The Supreme Court is set to decide the fate of tens of thousands of Rohingyas who presently find refuge in India, following their exodus from ethnic persecution in Myanmar. Lawyers appearing for the now stateless people are convinced that there is constitutional ground and legal precedent to support their plea despite the absence of specific legislation.
The UN has estimated there are 40,000 Rohingyas in India, of whom 16,000 have been recognised as refugees.
Lawyer Prashant Bhushan first approached the Supreme Court on the behalf of some of the Rohingya refugees against summary deportation. Noted civil rights lawyer Colin Gonsalves joined on behalf of Rohingyas in the Jammu camps. Leading the arguments will be the noted jurists Fali Nariman and Rajeev Dhavan, who has authored what is probably the only book on the subject—Refugee Law and Policy in India.
The Union home ministry has said that they consider the Rohingyas to be a “drain on resources”, and their ejection to be in the interest of “national security”. The government also circulated an affidavit that reportedly claimed some Rohingyas had militant and terrorist links in Bangladesh and Pakistan. However, the government later retracted the affidavit, calling it a preliminary draft.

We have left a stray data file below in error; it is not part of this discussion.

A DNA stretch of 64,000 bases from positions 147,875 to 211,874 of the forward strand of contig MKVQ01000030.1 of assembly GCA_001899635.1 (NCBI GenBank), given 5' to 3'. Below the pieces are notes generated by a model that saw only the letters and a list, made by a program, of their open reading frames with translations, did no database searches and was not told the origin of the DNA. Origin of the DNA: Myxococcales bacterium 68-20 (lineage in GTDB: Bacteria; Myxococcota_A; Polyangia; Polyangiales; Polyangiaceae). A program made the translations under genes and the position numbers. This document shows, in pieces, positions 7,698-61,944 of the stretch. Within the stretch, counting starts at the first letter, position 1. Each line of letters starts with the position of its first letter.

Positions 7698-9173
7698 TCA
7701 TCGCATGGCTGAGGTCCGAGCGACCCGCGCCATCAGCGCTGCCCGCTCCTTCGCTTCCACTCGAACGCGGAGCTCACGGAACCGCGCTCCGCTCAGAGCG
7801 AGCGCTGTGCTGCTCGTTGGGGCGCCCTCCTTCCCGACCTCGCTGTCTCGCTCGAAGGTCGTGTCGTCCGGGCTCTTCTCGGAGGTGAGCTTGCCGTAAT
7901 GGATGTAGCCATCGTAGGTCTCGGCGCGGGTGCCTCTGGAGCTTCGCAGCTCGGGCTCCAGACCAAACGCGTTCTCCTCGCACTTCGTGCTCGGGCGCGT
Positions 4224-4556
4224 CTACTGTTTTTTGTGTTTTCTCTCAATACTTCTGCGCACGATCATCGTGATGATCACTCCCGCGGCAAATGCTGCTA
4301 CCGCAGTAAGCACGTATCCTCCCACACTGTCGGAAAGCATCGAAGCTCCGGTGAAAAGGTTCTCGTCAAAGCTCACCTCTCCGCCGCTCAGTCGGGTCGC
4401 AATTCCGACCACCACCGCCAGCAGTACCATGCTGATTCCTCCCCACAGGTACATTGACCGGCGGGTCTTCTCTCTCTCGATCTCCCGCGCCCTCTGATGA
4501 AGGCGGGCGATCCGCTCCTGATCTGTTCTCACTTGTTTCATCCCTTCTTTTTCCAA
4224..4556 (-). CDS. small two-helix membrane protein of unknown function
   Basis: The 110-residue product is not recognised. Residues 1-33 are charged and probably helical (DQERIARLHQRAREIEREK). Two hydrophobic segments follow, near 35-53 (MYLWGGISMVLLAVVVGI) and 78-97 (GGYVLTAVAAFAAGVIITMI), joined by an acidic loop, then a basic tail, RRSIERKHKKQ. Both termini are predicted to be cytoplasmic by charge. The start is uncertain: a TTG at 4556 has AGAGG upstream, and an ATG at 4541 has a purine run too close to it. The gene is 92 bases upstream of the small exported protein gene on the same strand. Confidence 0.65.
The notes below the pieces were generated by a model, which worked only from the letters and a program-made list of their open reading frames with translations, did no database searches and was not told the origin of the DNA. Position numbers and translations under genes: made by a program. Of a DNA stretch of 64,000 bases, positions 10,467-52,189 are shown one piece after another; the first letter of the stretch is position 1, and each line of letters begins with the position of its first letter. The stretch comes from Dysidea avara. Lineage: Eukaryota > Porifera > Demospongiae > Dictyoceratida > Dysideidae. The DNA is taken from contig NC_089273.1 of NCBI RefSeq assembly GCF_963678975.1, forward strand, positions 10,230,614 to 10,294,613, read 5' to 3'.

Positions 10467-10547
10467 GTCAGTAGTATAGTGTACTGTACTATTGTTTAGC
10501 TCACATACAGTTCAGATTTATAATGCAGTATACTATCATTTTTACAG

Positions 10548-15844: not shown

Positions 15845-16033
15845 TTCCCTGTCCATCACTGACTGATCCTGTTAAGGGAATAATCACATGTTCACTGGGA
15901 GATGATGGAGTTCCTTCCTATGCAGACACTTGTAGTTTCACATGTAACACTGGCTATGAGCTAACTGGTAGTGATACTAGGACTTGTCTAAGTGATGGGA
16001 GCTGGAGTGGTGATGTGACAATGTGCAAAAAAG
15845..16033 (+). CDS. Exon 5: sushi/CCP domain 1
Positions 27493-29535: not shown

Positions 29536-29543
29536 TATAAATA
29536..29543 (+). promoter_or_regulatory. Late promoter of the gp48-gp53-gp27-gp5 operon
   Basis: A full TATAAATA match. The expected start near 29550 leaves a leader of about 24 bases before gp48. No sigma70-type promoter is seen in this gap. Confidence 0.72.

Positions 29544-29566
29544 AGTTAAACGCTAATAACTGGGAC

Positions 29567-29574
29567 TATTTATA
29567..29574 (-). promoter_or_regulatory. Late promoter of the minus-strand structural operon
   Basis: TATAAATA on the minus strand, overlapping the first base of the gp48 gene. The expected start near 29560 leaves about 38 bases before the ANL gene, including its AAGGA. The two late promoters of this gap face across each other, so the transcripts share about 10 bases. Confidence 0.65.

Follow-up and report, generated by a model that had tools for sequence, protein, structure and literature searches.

The United Nations High Commissioner for Refugees (UNHCR) is the international body that certifies refugees. However, India has not come on board the 1951 UN Refugee Convention framework. Records show that the government of the day had viewed it as a political tool to accommodate refugees from the Communist countries during the Cold War. In 1995, India became a part of the executive committee of the UN Refugee Convention. India has accepted refugees of Armenian, Afghan, Tibetan, Nepalese, Bhutanese, Sri Lankan and...